Grace Jo and what is left of her family escaped from North Korea to China for the first time when she was just 7 years old. In her 18 years of life, Grace has experienced loss, deprivation, incarceration and little schooling.
Today, at the end of a long journey, she lives in Fairbanks. Her family was drawn here by the Rev. Young Sung, a local Korean-American minister who hopes they will get a new start in the U.S. after years of struggle.
Grace asked to be interviewed because she wants people to know what it is like to live in North Korea, its poor conditions and its oppressive, totalitarian government.
“Americans don’t know why the refugees come, why North Koreans want to search for freedom and come to America or South Korea,” Grace said.
From ages 9 to 11, Grace lived with an underground associate pastor of a Christian church and his family. All that time she had to stay indoors, so as not to be arrested by Chinese authorities.
Grace has escaped by riding atop a railroad car, moved about to live with strangers numerous times, has been interrogated for days and incarcerated for months in a brutal prison in China, has been arrested several times over and crossed and re-crossed borders in the dark of night.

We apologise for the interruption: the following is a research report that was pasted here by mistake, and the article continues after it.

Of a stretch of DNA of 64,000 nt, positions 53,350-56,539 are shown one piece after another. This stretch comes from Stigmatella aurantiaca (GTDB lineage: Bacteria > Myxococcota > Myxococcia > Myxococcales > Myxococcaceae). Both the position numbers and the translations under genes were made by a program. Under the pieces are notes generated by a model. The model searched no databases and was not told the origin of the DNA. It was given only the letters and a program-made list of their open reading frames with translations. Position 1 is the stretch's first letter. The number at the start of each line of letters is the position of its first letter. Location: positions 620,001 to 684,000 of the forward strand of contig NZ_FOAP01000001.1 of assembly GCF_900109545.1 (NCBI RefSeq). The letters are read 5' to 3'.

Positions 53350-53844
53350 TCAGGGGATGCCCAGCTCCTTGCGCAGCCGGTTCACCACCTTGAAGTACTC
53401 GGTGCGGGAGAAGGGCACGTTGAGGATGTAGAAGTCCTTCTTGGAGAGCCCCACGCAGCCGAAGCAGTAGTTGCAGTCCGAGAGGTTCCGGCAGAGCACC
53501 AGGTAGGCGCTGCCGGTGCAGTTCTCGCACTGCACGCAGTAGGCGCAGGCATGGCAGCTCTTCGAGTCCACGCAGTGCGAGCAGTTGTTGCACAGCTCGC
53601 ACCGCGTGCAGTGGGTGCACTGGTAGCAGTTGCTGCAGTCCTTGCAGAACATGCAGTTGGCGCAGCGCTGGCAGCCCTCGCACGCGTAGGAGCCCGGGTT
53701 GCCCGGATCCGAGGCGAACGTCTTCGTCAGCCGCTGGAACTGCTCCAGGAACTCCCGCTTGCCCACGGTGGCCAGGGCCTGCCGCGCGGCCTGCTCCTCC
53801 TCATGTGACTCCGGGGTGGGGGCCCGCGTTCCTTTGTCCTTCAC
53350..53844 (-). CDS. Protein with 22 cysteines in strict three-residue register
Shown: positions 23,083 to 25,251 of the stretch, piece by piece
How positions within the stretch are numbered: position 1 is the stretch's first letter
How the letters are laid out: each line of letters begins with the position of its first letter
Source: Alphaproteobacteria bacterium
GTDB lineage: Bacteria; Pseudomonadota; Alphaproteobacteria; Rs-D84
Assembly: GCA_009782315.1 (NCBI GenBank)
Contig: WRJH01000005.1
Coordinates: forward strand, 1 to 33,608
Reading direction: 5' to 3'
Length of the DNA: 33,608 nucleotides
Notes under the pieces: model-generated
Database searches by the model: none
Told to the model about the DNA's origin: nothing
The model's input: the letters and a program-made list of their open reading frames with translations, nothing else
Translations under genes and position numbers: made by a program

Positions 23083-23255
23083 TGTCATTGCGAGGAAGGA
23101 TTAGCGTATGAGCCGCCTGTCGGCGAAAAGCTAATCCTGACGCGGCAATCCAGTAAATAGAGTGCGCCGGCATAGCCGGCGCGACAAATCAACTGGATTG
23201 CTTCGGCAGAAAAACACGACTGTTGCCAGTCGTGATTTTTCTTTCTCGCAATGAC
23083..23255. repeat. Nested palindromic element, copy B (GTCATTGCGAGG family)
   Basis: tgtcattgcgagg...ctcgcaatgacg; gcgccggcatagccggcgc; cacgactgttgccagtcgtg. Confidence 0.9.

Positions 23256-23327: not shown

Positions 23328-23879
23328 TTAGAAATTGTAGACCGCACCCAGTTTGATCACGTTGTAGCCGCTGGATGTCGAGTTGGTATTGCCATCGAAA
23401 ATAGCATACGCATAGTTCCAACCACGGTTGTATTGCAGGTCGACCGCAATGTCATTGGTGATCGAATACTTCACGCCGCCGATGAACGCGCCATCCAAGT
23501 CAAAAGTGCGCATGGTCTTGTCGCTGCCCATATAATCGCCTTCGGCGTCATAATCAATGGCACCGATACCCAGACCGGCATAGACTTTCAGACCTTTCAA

Grace’s father was arrested for trying to provide food for his family during a time of starvation and died in a North Korea prison from brutal beatings and starvation, she said. An older sister disappeared while taking beans to market and is believed to have been kidnapped and sold into the sex trade in China. A 5-year-old brother either starved to death or was taken elsewhere — the family has not been able to find him and still holds out hope. Another brother drowned as a young boy.
P.S. – And if you'd like to give a few bucks to purchase a copy of a drawing Grace made that shows a scene of her life in a North Korean prison, here's the link.